Re: [asa] ID question?

From: Dennis Venema <>
Date: Thu Oct 15 2009 - 14:22:09 EDT

TED: I agree with you, Bernie: the genetic evidence, esp that coming out of the human genome project, is creating something of a crisis for some in the OEC camp. I also agree with your implicit definition of the OEC/TE division. Referencing my comments above, I add that for many (most?) ID proponents, the genetic evidence is equally capable of producing second thoughts. Their way out of this seems to be to keep pushing the possibility, however remote, that pseudogenes of the kind you have pointed to (vitamin C being a prominent example) really do have functions that will someday be discovered. It is not IMO unscientific to take that strategy, but it does seem more than a bit ad hoc. Copernicus, for example, realized that heliocentrism required the universe to be at least 1000 times bigger in radius than previously thought, since stellar parallax could not be detected in his day. He took the ad hoc response to the observational problem. Most of his contemporaries did the obvious thing: they continued to deny the motion of the earth, and thus the absence of visible parallax was to be expected. The ID proponents in this case are compared with Copernicus -- except that we now know Copernicus was right, and we certainly do not know that the ID proponents are right. They are betting on future knowledge turning out in their favor. By contrast, in their criticisms of Darwinian evolution, they are betting on future knowledge *not* turning out in favor of Darwinian mechanisms that are presently unknown.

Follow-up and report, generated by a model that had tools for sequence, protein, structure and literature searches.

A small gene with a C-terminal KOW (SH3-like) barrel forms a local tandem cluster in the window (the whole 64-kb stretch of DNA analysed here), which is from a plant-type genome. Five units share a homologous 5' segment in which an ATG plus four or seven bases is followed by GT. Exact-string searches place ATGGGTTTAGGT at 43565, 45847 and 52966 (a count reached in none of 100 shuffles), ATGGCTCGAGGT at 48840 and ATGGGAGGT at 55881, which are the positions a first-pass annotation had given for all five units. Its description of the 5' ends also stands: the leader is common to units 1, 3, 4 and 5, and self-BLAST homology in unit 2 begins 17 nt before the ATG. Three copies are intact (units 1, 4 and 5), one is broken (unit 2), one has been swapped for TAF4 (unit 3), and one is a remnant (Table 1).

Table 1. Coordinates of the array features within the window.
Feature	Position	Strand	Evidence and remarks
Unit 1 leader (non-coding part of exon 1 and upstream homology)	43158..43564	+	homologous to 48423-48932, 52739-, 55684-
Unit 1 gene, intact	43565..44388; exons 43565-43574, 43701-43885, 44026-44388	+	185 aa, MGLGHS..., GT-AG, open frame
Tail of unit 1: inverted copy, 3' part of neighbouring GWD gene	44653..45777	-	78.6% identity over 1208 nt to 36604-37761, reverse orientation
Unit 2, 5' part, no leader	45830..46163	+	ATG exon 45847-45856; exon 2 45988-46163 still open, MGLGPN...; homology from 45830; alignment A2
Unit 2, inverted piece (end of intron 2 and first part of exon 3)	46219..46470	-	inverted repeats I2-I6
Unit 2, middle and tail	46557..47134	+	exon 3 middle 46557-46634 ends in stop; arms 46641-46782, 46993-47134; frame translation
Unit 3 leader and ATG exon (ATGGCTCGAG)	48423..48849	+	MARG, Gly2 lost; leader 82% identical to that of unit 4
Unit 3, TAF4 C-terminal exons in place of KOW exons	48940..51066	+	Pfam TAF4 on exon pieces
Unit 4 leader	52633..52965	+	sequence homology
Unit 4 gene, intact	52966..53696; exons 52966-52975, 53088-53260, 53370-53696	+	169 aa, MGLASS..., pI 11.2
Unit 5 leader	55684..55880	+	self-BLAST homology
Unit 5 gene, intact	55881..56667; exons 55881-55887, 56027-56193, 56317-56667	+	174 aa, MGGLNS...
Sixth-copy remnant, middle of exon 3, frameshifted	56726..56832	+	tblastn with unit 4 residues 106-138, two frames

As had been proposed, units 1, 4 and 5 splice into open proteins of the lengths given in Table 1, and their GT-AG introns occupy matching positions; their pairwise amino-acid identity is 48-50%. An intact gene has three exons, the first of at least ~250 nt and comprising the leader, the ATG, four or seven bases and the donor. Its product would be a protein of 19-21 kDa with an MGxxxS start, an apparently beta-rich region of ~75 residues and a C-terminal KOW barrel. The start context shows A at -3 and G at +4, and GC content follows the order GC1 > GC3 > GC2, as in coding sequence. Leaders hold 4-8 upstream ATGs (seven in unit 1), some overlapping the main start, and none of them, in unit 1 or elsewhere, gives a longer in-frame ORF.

A brief comment about pseudogene evidence and parallels to Copernicus: Copernicus was investigating a question at the limits of current technology and could not draw from other lines of evidence. That is not the case here: for pseudogenes, we can see what these sequences do in other organisms (for example the vitellogenin locus I discussed in my ASA talk this summer). We can also see that the pseudogenes are in the right genomic location in different organisms, as common descent would predict (synteny). We can also see that they retain amino acid homology even though most are no longer transcribed or translated (redundancy). Moreover, we can find pseudogenes that strongly suggest adaptation for ways of life the organism no longer uses (again, the vitellogenin gene is a good example: this gene is an egg yolk component in amniotes, but humans are placentals.)

So, Copernicus had to go the ad hoc route for absence of the ability to gather more evidence. Those who deny common descent and give ad hoc appeals to unknown pseudogene functions do so *in the face of several converging lines of evidence* that point to the same conclusion: that humans share ancestry with other forms of life. So, while there are similarities here, there are also significant differences.

The comparison might be more valid at the time when stellar parallax was first measured, providing a second line of evidence for heliocentricity.

my 2 cents.


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Received on Thu Oct 15 14:19:57 2009

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